I almost had to trick myself into writing this meditation. It has to be done. Last December, on a weekend vacation with the family, there was an indoor pool at the hotel. Swimming sounded grand, but a bathing suit sounded ridiculous. These thighs? This postpartum belly? Quickly I slipped into self-abusive thoughts that are only affirmed by the media’s portrayal of what is beautiful.
Hold the phone. I know what is beautiful. A nursing babe, having the nourishment to provide her well. That in itself is a blessing. With a child’s head in my lap as I stroke his/her beautiful hair, I’ve been told my legs are soft and make good pillows. My husband love my curves and luscious lips, and he loves gazing into my eyes. I’ve been told I have a beautiful smile, which I know is contagious — airborne it even spreads to strangers.
What my body needs is appreciation. I take all of what I have for granted, to feel beautiful is easy if we can remember what a blessing it is to have food and drink and full capacity of the body we have, even if it’s not traditional — whatever that means! Who wants to be stereotypical? I like my soft legs; I just don’t want to have a queen size pillow there.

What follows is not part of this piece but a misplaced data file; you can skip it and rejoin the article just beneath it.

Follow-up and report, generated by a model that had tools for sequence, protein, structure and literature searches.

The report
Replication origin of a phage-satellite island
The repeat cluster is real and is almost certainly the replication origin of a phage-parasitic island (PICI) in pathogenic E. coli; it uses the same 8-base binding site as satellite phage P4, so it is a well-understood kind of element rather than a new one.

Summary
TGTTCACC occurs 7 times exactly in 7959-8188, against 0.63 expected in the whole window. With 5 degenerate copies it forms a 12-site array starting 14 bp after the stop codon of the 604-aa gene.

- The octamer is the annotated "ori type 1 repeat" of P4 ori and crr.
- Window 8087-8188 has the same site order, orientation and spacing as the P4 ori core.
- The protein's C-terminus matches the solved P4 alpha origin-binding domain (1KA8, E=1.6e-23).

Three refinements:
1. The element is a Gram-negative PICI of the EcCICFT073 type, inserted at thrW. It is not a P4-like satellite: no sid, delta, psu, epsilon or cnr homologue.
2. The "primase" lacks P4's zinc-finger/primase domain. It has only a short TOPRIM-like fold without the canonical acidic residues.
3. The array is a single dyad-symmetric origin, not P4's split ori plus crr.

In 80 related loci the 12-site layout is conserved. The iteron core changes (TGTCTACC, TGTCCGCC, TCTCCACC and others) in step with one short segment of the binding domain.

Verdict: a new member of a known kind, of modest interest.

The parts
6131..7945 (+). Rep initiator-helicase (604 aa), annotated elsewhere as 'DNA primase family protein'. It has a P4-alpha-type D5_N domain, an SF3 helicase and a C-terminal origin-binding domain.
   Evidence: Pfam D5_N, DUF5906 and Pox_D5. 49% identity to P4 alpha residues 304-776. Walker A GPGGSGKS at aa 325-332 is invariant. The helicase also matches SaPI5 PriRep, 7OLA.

My body needs a healthy diet and exercise as a token of my appreciation. I know I would be rewarded in many ways. Toned, energetic, vibrant. Why is it so much more easily said than done? I know what is good for me and what’s not. One key is support. I don’t need a cohort in crime. Many of my lady friends agree with me, or understand even, the chocolate passion. What I have to seek out is someone who will help me savor and enjoy moderation.
I don’t want a diet and a regime. I’ll avoid those like the plague. I want a heart-feeding feast, a soul-quenching menu that will indeed include a monthly truffle. I’ll find an expressive, meditative activity that will boost and release energy, awakening my slumbering muscles.
I would have put on my suit and gone swimming, if I had had the courage to pack it. I am beautiful. There’s just more beauty there to be tapped. Nothing a little attention and persistence can’t fix.